Top 5 Fitness Myths & How to Bust Them


Leave these old misconceptions behind

As our favorite G.I. Joe would always say, “Knowing is half the battle” and we’re about to drop some fitness knowledge, so get ready. It’s going to be a bit of long read but we promise it’ll be worth it!

Up ahead we take the deep dive into the world of fitness fact and fitness fibs. We’ll be discussing about how you can’t turn fat into muscle– and how you can’t spot reduce, either- how resting in between workouts is essential, setting a realistic body image, and whether or not carbs are good for you.

1. You can turn fat into muscle

Myth: You can “convert” fat directly into muscle.

Photo from eglin

It’s easy to see why this misconception is so popular and widespread. After all, whenever we see a #fitspiration transformation, we see fat go away and muscle take its place (so for the untrained eye, it’s easy to confuse fat turning into muscle). And honestly, it would just be plain easier and more convenient if that were the case.

The simple fact of the matter is that fat and muscle are different things. They’re different parts of the body, are composed differently, and serve different functions. So as attractive and tempting it might be to try and turn your fat straight into muscle, and no matter how many get fit quick programs or diet plans promise that they can, it’s time to accept the fact that it just isn’t possible.

Busting the Myth : This part is a bit complicated. In very brief terms, it’s all about calories. You lose fat when you have a calorie deficit (meaning you burned more calories that you consumed) while you build muscle on a calorie surplus (because building muscle requires that raw material). So you can see how striking that perfect caloric balance is going to be more than a little bit difficult.

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Getting caught up in losing your fat and gaining muscle can lead to you achieving neither. For fitness newbies, it’s recommended that you focus on one goal: losing fat or building muscle.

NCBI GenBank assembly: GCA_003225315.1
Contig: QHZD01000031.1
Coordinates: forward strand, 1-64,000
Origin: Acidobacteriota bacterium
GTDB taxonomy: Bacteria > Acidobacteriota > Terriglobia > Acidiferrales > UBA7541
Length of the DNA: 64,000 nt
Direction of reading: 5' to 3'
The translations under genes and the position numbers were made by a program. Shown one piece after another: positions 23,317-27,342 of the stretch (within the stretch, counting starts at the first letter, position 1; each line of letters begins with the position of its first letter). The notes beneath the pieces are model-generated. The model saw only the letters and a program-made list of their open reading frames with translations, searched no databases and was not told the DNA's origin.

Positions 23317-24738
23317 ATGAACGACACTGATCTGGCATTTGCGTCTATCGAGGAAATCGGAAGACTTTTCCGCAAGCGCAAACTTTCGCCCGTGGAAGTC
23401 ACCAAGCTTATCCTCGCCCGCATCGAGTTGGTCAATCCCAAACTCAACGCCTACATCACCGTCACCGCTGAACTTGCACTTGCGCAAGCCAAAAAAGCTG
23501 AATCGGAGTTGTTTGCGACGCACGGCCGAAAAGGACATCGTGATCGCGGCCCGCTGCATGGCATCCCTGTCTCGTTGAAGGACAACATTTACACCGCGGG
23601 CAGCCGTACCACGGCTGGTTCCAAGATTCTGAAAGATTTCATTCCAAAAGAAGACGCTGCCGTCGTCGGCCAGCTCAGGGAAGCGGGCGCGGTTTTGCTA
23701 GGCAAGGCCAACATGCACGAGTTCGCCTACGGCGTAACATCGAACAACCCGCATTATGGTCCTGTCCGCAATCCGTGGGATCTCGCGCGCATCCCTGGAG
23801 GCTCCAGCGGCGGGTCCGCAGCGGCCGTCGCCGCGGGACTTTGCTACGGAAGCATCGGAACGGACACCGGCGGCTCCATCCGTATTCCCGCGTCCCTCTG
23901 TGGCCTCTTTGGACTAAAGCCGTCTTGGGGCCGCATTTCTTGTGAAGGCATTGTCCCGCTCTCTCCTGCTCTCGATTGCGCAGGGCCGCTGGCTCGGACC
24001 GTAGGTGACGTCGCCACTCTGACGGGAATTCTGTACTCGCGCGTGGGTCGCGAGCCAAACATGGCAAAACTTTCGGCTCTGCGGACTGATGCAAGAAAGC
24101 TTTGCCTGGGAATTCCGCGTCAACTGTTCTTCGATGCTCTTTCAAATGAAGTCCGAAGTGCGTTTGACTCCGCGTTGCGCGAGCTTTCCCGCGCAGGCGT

Though it is technically possible to lose fat and gain muscle at the same time, it will be a complicated process that’s generally best left to fitness and nutrition experts who already know what they’re doing.

2. You should work out everyday

Myth: Working out as much as you can- everyday if possible- produces the best results.

Photo from mcbhawaii

If you lose weight when you work out, then working out everyday should produce results faster, right? The math kind of works out if you think about it, but you have to remember we’re not working out with numbers but with our bodies. And our bodies need rest. Again, you might think that doing nothing for a day is detrimental to your fitness journey, but studies have consistently shown that good rest days lead to better results.

Discover how proper rest leads to better results

Busting the Myth : It’s not just about working hard, but working smart. Though it’s typically recommended that you spend at least one full day to allow your body to rest, there isn’t really a set recovery period. Most of the recovery that our body does happens when we sleep, so be sure to get ample amounts of sleep in between workouts.

Each person recovers differently, so it’s important to listen to your body. If it’s telling you that it’s still too tired from the last workout, then listen to it! Take the extra day or half-day to rest, recharge, and attack your next workout with more energy and hunger.

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If you’re really dead set on working out everyday (or maybe you just really enjoy going to the gym that much!) and you feel like your body can handle it, then you should at least vary the intensity of your training sessions . You don’t need to go 100% every time you go to the gym, and working out with adjusted intensities will give you better long-term benefits than burning yourself out in a short period of time.

3. You can spot reduce fat

Myth: You can do certain exercises which will burn away fat in a specific area, also known as “spot reduction”.

Bat-wing arms, thunder thighs, muffin-top bellies. Everybody has that one body part that they would slim down in a heartbeat if they could, so it’s easy to see why it’s so easy to believe this fitness myth.

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It’s yet another of those fitness myths that almost makes sense. After all, if I do a workout that focuses on one body, my abs and core for example, shouldn’t it follow that that part of my body is the one that loses the most fat?